return ['id', 'title', 'body'];

Where Conditions

Generating conditions:

// WHERE id = 1
$query->where(['id' => 1]);

// WHERE id > 2
$query->where(['id >' => 1]);

As you can see you can use any operator by placing it with a space after the field name. Adding multiple conditions is easy as well:

$query->where(['id >' => 1])->andWhere(['title' => 'My Title']);

// Equivalent to
$query->where(['id >' => 1, 'title' => 'My title']);

It is possible to generate OR conditions as well

$query->where(['id >' => 1])->orWhere(['title' => 'My Title']);

// Equivalent to
$query->where(['OR' => ['id >' => 1, 'title' => 'My title']]);

For even more complex conditions you can use closures and expression objects:

$query->where(function ($exp) {
        return $exp
            ->eq('author_id', 2)
            ->eq('published', true)
            ->notEq('spam', true)
            ->gt('view_count', 10);

Which results in:

SELECT * FROM articles
	author_id = 2
	AND published = 1
	AND spam != 1
	AND view_count > 10

Combining expressions is also possible:

$query->where(function ($exp) {
        $orConditions = $exp->or_(['author_id' => 2])
            ->eq('author_id', 5);
        return $exp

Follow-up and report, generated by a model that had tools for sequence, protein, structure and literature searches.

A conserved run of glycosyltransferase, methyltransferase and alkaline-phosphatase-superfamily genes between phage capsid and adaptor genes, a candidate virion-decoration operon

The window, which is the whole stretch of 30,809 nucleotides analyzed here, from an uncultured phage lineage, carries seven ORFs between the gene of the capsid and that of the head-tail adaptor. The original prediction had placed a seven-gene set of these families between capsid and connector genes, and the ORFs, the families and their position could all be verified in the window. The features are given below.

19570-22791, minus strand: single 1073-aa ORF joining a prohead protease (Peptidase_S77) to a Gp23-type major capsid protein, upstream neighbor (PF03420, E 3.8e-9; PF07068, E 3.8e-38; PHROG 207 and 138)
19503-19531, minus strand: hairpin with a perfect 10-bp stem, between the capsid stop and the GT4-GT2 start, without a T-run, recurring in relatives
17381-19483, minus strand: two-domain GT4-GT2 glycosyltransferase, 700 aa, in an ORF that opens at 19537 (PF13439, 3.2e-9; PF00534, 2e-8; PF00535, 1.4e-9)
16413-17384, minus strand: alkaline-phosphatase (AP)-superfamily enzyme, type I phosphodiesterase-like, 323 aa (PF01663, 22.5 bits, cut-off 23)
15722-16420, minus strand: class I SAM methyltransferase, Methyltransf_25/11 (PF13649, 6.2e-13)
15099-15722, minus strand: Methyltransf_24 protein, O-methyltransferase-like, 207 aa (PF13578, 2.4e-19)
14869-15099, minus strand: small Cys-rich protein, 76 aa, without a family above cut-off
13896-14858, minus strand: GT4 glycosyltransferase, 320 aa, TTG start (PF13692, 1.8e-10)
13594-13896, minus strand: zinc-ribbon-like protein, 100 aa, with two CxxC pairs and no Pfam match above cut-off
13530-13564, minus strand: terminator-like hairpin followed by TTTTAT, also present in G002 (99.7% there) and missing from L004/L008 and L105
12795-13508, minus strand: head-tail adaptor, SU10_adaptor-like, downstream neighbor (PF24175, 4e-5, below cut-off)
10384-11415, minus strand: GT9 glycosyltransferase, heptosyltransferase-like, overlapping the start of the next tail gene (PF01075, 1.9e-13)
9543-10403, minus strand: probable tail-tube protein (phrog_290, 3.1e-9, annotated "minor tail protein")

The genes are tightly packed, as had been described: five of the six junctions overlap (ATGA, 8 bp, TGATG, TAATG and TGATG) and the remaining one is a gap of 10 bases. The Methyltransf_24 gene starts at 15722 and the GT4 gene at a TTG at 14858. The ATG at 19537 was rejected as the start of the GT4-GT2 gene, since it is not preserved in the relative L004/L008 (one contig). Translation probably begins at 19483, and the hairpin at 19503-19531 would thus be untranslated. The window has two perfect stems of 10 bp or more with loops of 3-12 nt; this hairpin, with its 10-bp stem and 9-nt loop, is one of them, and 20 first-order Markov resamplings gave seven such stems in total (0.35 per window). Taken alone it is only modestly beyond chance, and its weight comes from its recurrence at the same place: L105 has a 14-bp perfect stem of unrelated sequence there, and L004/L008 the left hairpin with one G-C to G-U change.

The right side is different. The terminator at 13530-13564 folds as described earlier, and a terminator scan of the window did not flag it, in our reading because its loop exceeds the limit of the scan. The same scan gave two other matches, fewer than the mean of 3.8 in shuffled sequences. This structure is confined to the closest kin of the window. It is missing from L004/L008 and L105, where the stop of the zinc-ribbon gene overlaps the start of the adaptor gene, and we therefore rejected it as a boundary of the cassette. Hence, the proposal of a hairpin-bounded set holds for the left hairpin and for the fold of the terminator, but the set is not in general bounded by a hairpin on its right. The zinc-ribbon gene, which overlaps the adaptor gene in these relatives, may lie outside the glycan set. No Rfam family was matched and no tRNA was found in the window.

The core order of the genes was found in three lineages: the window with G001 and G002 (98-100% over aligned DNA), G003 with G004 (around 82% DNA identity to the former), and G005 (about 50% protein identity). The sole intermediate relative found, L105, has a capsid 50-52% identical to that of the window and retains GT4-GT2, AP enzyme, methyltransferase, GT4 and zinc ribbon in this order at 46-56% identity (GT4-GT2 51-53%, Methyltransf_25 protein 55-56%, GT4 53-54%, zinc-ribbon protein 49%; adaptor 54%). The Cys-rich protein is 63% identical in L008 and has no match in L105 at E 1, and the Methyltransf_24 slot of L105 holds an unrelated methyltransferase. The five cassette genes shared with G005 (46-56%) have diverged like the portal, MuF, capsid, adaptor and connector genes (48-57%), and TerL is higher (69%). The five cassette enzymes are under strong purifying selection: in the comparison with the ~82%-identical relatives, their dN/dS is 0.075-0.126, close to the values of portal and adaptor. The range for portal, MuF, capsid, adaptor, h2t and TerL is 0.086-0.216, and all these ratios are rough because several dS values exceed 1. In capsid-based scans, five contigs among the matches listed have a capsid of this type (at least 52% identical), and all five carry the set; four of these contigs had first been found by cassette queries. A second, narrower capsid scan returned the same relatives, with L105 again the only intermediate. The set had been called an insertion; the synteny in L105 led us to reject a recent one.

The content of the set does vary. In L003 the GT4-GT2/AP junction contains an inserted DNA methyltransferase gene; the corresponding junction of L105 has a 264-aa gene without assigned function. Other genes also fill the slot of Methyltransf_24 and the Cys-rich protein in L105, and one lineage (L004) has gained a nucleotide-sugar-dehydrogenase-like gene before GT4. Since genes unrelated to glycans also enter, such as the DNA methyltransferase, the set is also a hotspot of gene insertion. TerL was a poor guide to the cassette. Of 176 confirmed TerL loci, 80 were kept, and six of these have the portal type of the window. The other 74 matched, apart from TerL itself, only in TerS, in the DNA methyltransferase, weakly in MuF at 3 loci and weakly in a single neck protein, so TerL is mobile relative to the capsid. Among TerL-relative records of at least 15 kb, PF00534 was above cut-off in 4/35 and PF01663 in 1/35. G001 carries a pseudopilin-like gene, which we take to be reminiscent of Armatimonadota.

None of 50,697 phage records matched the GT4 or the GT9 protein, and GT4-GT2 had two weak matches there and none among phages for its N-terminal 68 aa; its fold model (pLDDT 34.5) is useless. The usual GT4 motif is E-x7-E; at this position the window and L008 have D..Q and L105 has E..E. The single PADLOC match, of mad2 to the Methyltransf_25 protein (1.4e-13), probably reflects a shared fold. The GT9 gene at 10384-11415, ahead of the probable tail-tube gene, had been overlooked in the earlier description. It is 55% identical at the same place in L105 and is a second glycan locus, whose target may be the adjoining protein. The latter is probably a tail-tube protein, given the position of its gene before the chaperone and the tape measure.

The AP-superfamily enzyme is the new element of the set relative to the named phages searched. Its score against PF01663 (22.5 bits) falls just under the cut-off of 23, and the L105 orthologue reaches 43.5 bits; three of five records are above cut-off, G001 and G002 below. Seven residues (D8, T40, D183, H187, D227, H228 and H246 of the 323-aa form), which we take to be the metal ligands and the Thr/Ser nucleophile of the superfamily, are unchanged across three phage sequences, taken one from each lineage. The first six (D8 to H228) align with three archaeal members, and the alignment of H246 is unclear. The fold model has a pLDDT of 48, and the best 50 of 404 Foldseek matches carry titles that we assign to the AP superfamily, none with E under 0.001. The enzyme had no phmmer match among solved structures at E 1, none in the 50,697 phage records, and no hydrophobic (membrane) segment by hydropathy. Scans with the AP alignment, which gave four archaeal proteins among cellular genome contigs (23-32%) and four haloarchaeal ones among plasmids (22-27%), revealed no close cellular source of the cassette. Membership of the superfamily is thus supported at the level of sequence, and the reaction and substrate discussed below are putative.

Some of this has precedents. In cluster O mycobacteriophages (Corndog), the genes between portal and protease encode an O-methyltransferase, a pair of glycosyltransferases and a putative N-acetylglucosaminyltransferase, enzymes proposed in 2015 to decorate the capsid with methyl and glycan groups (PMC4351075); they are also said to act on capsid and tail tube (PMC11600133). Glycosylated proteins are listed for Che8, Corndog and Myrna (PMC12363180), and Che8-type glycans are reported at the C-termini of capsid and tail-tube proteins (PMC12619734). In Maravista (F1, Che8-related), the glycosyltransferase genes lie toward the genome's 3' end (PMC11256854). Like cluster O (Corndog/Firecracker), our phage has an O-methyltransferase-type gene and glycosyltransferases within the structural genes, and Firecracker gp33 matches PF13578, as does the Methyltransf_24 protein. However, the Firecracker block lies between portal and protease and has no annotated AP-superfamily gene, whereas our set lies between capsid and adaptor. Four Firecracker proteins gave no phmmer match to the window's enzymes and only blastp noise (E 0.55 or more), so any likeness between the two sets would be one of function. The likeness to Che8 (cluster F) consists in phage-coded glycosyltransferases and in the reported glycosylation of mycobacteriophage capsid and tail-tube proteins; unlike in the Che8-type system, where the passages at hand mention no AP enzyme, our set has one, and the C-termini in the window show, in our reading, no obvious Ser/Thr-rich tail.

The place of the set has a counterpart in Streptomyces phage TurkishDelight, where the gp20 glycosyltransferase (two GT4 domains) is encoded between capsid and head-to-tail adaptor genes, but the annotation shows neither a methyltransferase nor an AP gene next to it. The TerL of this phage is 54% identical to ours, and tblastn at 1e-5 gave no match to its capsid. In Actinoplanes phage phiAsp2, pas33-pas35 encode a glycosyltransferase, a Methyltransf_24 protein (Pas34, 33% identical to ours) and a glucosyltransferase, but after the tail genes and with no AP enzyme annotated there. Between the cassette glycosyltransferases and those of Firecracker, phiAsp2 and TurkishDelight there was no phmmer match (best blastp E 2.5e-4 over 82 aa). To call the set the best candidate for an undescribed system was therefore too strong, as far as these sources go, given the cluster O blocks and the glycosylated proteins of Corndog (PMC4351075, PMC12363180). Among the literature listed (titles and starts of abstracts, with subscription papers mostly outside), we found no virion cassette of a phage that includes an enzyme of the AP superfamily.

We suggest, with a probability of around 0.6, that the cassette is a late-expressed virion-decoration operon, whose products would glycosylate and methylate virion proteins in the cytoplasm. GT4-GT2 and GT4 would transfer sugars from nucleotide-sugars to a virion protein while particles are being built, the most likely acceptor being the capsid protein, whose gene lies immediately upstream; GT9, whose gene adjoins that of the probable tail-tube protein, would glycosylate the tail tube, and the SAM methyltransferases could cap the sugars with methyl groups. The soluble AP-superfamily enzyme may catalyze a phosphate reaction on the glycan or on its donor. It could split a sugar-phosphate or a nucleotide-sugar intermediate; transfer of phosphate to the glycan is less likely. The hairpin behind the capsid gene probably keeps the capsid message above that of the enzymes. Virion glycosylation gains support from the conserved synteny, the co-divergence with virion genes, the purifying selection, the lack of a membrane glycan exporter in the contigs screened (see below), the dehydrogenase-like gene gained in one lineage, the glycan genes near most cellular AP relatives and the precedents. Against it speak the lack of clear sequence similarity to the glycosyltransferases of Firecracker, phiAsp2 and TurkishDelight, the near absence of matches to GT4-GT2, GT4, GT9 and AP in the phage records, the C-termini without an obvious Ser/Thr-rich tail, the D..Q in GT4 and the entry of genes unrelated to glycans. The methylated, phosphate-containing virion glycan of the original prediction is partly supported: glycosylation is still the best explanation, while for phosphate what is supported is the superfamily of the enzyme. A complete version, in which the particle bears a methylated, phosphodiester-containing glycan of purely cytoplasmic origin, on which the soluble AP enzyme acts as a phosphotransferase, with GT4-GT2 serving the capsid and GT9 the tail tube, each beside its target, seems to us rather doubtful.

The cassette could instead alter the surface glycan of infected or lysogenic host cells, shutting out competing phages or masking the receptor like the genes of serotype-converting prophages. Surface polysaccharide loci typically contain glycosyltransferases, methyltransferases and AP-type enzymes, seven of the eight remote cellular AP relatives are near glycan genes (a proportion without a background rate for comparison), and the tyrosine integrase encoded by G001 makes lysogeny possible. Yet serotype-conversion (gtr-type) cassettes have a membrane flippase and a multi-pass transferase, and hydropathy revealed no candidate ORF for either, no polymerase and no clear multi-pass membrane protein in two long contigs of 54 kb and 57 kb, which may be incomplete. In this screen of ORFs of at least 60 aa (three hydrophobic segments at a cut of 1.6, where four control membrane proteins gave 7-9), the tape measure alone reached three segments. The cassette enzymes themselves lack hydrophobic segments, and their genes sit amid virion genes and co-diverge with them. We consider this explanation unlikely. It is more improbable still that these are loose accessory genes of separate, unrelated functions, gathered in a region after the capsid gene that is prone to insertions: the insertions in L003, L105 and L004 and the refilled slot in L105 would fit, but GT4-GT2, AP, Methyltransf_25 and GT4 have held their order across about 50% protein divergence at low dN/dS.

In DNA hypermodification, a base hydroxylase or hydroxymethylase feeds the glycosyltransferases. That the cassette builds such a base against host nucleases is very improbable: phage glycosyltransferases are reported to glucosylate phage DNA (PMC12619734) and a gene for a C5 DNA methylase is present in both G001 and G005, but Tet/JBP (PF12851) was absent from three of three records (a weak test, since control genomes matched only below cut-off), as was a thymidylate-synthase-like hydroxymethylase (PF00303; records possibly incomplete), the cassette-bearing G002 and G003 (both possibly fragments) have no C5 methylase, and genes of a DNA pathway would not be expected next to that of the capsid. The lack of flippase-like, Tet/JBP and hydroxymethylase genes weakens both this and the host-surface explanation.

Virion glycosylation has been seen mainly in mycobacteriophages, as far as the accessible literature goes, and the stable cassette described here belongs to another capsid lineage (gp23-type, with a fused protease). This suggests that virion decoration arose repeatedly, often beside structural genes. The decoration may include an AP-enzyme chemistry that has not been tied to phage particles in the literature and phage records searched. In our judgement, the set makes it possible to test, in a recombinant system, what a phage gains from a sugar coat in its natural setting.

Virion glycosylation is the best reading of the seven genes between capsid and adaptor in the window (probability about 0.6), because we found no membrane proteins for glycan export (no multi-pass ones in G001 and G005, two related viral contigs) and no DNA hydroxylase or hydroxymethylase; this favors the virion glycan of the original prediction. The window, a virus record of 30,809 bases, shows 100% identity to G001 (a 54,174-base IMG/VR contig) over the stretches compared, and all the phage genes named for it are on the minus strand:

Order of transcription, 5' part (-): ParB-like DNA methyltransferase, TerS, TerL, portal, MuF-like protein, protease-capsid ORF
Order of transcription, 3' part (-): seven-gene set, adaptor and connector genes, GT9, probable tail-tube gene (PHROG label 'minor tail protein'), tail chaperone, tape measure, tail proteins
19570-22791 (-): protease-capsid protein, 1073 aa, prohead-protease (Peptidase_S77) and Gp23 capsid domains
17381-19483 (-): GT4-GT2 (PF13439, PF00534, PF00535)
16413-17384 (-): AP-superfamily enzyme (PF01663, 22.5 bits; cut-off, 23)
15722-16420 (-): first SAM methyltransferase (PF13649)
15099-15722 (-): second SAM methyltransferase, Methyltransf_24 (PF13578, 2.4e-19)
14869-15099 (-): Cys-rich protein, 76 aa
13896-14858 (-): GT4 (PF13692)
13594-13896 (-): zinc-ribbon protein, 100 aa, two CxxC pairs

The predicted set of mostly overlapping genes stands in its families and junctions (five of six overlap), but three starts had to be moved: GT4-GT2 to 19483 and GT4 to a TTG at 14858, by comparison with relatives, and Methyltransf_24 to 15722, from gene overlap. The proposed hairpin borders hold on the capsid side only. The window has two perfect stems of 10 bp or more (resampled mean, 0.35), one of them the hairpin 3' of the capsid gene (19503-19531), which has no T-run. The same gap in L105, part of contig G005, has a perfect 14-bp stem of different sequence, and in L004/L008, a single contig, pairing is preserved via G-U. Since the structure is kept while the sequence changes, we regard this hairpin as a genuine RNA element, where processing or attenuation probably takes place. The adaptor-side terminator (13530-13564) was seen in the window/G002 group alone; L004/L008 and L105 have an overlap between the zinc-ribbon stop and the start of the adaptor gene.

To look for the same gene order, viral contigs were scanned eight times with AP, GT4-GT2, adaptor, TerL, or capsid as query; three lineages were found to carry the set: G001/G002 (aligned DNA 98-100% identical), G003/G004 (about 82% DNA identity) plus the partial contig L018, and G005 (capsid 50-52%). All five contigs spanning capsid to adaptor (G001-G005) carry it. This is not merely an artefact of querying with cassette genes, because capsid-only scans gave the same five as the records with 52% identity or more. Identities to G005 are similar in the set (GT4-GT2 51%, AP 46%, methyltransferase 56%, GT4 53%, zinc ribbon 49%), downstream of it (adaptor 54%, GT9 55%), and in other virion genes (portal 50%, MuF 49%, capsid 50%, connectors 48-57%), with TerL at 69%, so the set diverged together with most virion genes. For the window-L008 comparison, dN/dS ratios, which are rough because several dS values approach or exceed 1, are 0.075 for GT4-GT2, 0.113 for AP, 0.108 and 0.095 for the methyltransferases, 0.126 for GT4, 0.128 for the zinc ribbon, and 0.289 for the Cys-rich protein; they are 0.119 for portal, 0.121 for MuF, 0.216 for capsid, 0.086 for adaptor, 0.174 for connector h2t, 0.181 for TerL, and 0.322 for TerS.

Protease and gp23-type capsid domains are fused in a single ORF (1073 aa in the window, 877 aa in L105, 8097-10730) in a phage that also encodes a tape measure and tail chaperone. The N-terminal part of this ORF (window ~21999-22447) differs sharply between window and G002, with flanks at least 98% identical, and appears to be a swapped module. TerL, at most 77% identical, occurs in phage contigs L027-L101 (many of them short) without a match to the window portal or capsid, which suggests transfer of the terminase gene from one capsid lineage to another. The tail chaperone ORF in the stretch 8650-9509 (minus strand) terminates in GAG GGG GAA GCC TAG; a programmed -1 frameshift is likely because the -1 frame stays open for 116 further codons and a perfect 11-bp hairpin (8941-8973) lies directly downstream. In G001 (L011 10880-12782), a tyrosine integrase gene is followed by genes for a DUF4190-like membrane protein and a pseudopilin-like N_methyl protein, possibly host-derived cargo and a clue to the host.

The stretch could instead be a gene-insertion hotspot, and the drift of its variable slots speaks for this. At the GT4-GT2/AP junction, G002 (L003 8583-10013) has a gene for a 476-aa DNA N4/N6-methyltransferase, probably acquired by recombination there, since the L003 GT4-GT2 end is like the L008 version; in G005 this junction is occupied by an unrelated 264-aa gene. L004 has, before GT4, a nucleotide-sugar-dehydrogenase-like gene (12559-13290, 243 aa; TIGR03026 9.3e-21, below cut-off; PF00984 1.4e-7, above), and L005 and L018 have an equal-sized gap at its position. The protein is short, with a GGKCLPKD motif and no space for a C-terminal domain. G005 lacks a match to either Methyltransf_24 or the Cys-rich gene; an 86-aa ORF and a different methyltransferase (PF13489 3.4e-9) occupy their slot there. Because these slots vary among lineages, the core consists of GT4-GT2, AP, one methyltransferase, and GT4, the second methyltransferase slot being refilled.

->lte('view_count', 10);

That generates:

FROM articles
	NOT (author_id = 2 OR author_id = 5)
	AND view_count <= 10

When using the expression objects you can use the following methods to create conditions:

  • eq() Creates an equality condition.
  • notEq() Create an inequality condition
  • like() Create a condition using the LIKE operator.
  • notLike() Create a negated LIKE condition.
  • in() Create a condition using IN.
  • notIn() Create a negated condition using IN.
  • gt() Create a > condition.
  • gte() Create a >= condition.
  • lt() Create a < condition.
  • lte() Create a <= condition.
  • isNull() Create an IS NULL condition.
  • isNotNull() Create a negated IS NULL condition.

Aggregates and SQL Functions

// Results in SELECT COUNT(*) count FROM ...